Tuesday, November 25, 2008

AMPATH clinic

Above you can see both the hospital and the neighboring clinic where I spent the day out in the Teso area. I have to admit I find the outside of buildings much more beautiful here than the inside. Because the climate is so temperate, there are amazing displays of flowers and plant life around every building no matter how rudimentary. I think the Kenyan people take a certain amount of pride in their landscaping as well judging by how beautiful everything is.

The clinic itself was interesting. I was paired up with a "medical officer" who is an individual that has completed medical school in Kenya and done a one year general internship and is now out practicing general medicine. In this case, its a woman who is working for AMPATH (Academic Model for the Prevention and Treatment of HIV) who goes out and sees HIV positive patients and HIV at risk children. Its amazing because she is clearly the most senior and the most educated person out there and she goes out to this place probably once every couple of weeks. She struck me as very bright with a good foundation but hasn't had the resources or guidance to do a super thorough job. But she's honestly doing the best with she can with what she has to work with. She's actually interested in doing and internal medicine residency in the U.S. and I think it would be great if she could. What was cool about today is we started talking about some of her patients and I was actually able to offer some suggestions about evaluation and treatment that she seemed to appreciate. It reinforces how great it is to always have people to bounce ideas off of at home. The other neat part is you could tell that the people in this rural clinic ARE trying ... and are instituting this continuing medical education a couple times a month just trying to educate each other about basic medical issues. Today they were discussing asthma which is probably one of the few subjects that I feel like I could walk into a room and discuss basic diagnosis and treatment without too much preparation. We see a lot more of it in the United States than they do here but it can still be a problem. The background preparation that this medical officer had done to educate the people there was pretty much right on and I was able to add a few practical tips since we see so much of it in the U.S. The treatment they were able to do previously is very out of date as to the current thinking (1st line there was IV "adrenaline" or epinephrine) so we were able to brainstorm ways for them to be able to incorporate current treatment regimens in this rural place, including modifying a water bottle to make a "spacer" in order to better administer inhaled medicines to children and elderly adults when nebulizer machines aren't available due to lack of machines or lack of electricity. (Actual spacers dispensed in the U.S. cost ~ $50 a piece which is FAR beyond the cost reasonable for people here).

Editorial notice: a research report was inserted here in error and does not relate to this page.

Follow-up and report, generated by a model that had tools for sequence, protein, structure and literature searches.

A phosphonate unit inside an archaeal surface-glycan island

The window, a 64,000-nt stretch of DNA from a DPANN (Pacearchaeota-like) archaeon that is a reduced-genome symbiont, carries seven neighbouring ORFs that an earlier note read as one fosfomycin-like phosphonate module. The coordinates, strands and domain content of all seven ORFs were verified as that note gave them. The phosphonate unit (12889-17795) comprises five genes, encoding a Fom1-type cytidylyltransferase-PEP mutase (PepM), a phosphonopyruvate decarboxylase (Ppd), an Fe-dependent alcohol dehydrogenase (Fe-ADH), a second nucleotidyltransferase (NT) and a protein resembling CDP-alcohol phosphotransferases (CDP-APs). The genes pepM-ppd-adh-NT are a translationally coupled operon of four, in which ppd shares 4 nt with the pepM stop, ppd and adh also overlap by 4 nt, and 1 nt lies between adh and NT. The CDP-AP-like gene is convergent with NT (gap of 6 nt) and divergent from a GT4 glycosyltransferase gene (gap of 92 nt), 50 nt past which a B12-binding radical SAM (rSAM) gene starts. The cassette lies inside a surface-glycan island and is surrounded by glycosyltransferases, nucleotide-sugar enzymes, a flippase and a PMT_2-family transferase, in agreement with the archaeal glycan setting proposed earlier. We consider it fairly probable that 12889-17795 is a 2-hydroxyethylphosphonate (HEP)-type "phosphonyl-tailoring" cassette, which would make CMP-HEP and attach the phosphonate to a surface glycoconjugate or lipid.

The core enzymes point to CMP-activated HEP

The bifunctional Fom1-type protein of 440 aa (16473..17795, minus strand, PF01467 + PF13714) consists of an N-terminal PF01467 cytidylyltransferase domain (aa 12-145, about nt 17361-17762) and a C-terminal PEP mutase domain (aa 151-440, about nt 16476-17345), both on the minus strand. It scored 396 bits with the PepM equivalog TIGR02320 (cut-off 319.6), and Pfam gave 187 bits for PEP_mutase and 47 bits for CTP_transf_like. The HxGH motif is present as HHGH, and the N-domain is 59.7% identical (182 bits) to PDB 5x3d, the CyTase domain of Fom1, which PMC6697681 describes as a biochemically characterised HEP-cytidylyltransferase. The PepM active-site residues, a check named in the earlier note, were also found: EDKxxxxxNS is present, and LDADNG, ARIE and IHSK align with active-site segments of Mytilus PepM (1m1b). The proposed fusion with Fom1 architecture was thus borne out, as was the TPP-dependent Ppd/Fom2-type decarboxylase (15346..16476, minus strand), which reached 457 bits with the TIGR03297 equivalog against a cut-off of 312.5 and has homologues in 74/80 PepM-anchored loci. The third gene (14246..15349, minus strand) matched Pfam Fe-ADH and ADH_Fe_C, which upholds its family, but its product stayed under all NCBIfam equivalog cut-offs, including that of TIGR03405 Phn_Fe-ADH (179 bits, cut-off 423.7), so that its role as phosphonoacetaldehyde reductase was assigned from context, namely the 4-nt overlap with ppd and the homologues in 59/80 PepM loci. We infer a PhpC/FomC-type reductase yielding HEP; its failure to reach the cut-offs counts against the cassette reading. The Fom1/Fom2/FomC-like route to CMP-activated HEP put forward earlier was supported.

Just to give you an idea of cost of living, the average household makes about 35000 Kenyan shillings a year which is about the equivalent of $470. You can see why we Americans are rich here ... I can tell you I've withdrawn more than that already from my bank account to cover the cost of travel and other incidentals in the almost 4 weeks i've been here.

Sunday, November 23, 2008

On the News